Friday, January 17, 2020

General Description of the Community Essay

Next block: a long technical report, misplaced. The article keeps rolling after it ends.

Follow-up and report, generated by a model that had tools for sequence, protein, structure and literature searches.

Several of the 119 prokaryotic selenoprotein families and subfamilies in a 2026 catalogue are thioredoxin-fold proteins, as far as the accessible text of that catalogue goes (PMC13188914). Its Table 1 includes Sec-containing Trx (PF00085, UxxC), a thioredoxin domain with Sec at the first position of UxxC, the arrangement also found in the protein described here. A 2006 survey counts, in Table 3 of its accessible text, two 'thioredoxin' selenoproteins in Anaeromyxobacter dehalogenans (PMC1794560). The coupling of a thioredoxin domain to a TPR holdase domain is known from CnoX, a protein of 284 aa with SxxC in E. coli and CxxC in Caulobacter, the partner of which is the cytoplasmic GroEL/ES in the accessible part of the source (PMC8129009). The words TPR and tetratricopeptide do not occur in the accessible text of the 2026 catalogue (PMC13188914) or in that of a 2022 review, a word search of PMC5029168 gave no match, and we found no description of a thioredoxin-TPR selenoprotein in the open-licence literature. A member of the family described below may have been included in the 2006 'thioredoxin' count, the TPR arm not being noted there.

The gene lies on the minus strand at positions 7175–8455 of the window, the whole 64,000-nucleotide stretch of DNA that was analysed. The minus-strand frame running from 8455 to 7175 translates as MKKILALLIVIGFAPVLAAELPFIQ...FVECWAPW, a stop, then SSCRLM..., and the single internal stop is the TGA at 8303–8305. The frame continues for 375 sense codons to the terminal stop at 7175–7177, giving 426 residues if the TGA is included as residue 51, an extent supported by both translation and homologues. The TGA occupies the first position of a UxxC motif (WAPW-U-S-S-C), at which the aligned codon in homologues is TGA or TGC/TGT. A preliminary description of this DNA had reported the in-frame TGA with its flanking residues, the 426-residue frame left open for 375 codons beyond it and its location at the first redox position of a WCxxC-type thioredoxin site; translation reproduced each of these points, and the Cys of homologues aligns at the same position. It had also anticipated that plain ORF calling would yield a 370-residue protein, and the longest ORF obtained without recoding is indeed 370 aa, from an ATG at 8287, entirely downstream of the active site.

Target area being assessed by the author is hospice service in Sioux Falls and surrounding areas provided by Avera Mckennan. Hospice care is end-of-life care provided by health professionals and volunteers Hospice care provides medical services, emotional support, and spiritual resources for people who are in the last stages of terminal illness. Although most hospice patients are cancer patients, hospice accepts anyone regardless of age and type of disease. The goal of hospice treatment is to keep patient comfortable and improve quality of life. Hospice care tries to manage symptoms so that patient’s last days may be spent with dignity, surrounded by his/her loved ones. Hospice care is family-centered: the patient and family are both included in the care plan and emotional, spiritual and practical support is provided depending on the patients wishes and families needs. Hospice is not so much a place, as it is a philosophy of care with a family-centered approach that considers the patient and family to be the unit of care (Lattanzi-Licht et al. , 1998). Avera Mckennan Hospice Services are the main focus of author. Avera McKennan’s Home Hospice and Palliative Care program office is located in the Dougherty Hospice House. Through this program, they provide hospice services in a variety environments: hospice care in the home setting, hospice care in an assisted living facility, hospice care in a skilled nursing facility and also, in Dougherty Hospice House. The Dougherty Hospice House is a unique sixteen bed hospice facility located on the Prince of Peace campus. This place provides a home like setting with specious rooms for patient and sleeping accommodations for family members. It also has a meditation room, wireless internet, beautiful meditative garden, large dining and family room for families to gather, and library. Dougherty Hospice House and its surrounding property are tobacco free environments. About 80% of all hospice care is provided in private homes, nursing homes, independent and assisted living facilities (Caffrey, C. et al. , 2011). If hospice care provided in patient’s home, a family member will look after their loved one much of the time. Someone form hospice team will usually visit patient once or twice a week assessing a patient and addressing current health issues. Avera McKennan Hospice team consist of 25 people including nurses, social workers, spiritual advisors/chaplains, nursing assistants, trained volunteers, pharmacist and medical director. In case of emergency home hospice patient can call the 24-hour hospice number for advice. A nurse usually can come to patient’s house at any time of the day or night or give an advise over the phone. Based on the patient’s circumstances and stage of care, a hospice interdisciplinary team (IDT) may provide variety of services. Registered nurses assist patient with management of discomfort, pain and side effects of previous treatment ( nausea from chemotherapy). Also nurses help educate both patient and family about what is happening. The nurse is a link connecting patient, family and physician. Home health aids provide extra support for personal care such as bathing, shaving, dressing and eating. Trained hospice volunteers offer assistance with everyday tasks such as shopping, babysitting, and carpooling. They are being available to listen to the patients and families and offer compassionate support. Primary doctor approves plan of care for hospice patient and works with hospice team. A hospice medical director who has expertise in symptom management and end-of-life care is available to the attending physician, patient and family, and hospice team as a great resource and consultant. Chaplains, priests, or other spiritual counselors help patient and family explore the meaning of the death, and perform religious ceremony specific to the patient. Respite care can be provided by inpatient hospice to give family a break from stress of care giving in up to 5-day periods. This service recognizes the need for caregivers to have time away from caretaking roles (Ingleton, Payne, Nolan, & Carey, 2003;Lattanzi-Licht e. l. , 1998). Terms such as caregiver burden (Chwalisz & Kisler, 1995), caretaker role fatigue, spousal burnout, and role engulfment refer to an imbalance between the physical and mental resources needed to give care and those available within the family unit (Reese & Sontag, 2001). Regularly scheduled family conferences most often led by the hospice nurse or social worker allow patient and family members share feelings, talk about what to expect, what is needed, and learn about process of dying. The interdisciplinary team coordinates Avera McKennan Hospice services and supervises al care 7 days a week, 24 hours a day. The team is making sure that current information is shared among all the services involved in patients care. Official Community Government (form of government). For-profit and nonprofit hospices have the same regulations. They must comply with State low and Code of Federal Regulations governing hospice care. For-profit hospices grow more than six times faster than nonprofit hospices. Profit sometimes risks compromising the quality of care patients receive. Nonprofit hospices provide hospice services to anyone including persons who do not have health insurance coverage and cannot afford to pay for care. In this case, nonprofit hospice can provide services to person free of charge as part of its charitable mission because nonprofit status of the hospice requires it to offer charitable services and they are dedicated to the mission of caring those in need. Main purpose of for-profit hospices is to make money and pay dividends to their stockholders. They have no obligation to provide services to anyone who does not have Medicare, Medicaid or private insurance coverage. However, both type of hospices are trying to make money, but when they compete for patients, they must provide better care. Avera’s Home hospice services are covered 100% under Medicare and some Medicaid plans, but inpatient care at the Dougherty Hospice House involve some financial expense. Social workers offer patients and their families help with payment options and never turn away a patient for inability to pay for the service. Medicare is the primary payer for hospice services covering 77% of all hospice expenses. The rest is paid for by Medicaid (4%), private insurance (12%) or other sources (7%). Compare to hospital and skilled nursing facilities, hospice is considered a cost-effective service. Hospice charges per day are much lower than hospitals and skilled nursing facilities. Hospice care is covered in full by most insurance. Medicare and Medicaid provide a special Hospice Benefit. This benefit provides 100% coverage for visit by staff, medications related to the hospice illness, durable medical equipment in the home, and supplies for skin care, incontinence management, dressings, etc. Hospice care covered under Medicare includes both inpatient care when needed, and home care services. The focus of hospice is on care, emphasizing help the person to make the most of each day by providing comfort and pain relief. Most private insurance companies include hospice care as a benefit. Patient and family can hire hospice providers and pay for their services out of pocket. If patient has a limited financial resources, non-profit hospices provide services without charge as part of charitable mission. Any patient who enters hospice must be evaluated at the time of admission to the hospice program. Hospice dietitians assist the patient in reaching the best nutritional goals, depending on the current state of the patient’s condition. Common problems for hospice patients are nausea and vomiting. These can be controlled with anti-emetics in some cases, while for some patient s change of diet is sufficient. Educating patient and family about the changes occurring in the patient’s body is imperative. During the course of illness, patient experience changes to some extend in their food intake. It is common for the hospital patient to reduce oral intake of food and fluids as the disease progresses. In general, there is metabolism alterations occur in patient’s body with a terminal illness. Furthermore, there comes a time when the body begins to break cells down instead of building them up. At this point, the body is no longer takes nutrients in. Sometimes patients are forced to take food by family members; in this case the body may refuse through vomiting or diarrhea. A hospice dietitian will explain when this point is reached. However, addressing to stop oral intake before this point is reached is not appropriate. Ongoing assessment of hospice patient nutritional needs will help to determine if there is any appetite change or ability to take the food in and keep it. Based on a study of the non-hospice end-of-life experience of 3,357 seriously ill patients who died reported 40% were in severe pain prior to their death, and 25% experienced moderate to great anxiety of depression before they died (Lynn, 1997). However, hospice is a compassionate way to deliver health care and supportive services. Despite the low South Dakota’s death rate compare the national death rate, the two leading causes of death are heart disease and cancer, accounted for half of South Dakota deaths. Healthy lifestyle changes are critical in reducing deaths due to cancer and heart disease. These modifications can be accomplished by reducing tobacco use, increasing physical activity, and developing healthy eating habits. Minorities in South Dakota include African American, Asian, and Hispanic populations. In general, language barriers, transportation, finances, and lack of insurance were found to be the issues encountered by minorities in seeking adequate health care. Furthermore, end of life care is not reach minority population and remains as a national issue. The majority of hospice patient care is provided in the place patient calls â€Å"home†. In addition to private residences, this includes nursing homes and assisted living facilities. As the health care becomes better, the population lives longer. Nursing home patients benefit from hospice services as much as people living in their homes. According to studies, nursing home residents enrolled in hospice were less likely to be hospitalized in the final 30 days of their life (24% vs. 44%) (Miller, 2001). They were more likely to be assessed for pain, were twice as likely to receive pain management within clinical guidelines (Miller, 2004). Large percentage of elderly people receives home hospice service. Many homes need some modifications for the hospice services to be provided. For example, a bedroom may need to be relocated to a main level of the house for those who have difficulties claiming stairs. There is widening of the hallways may be required to accommodate a wheelchair access. Because of the growing number of people who wish to stay and receive care at home, general contractors are available to assess remodeling needs. A number of programs and sources provide reduced rates, loans, or free services with home modifications.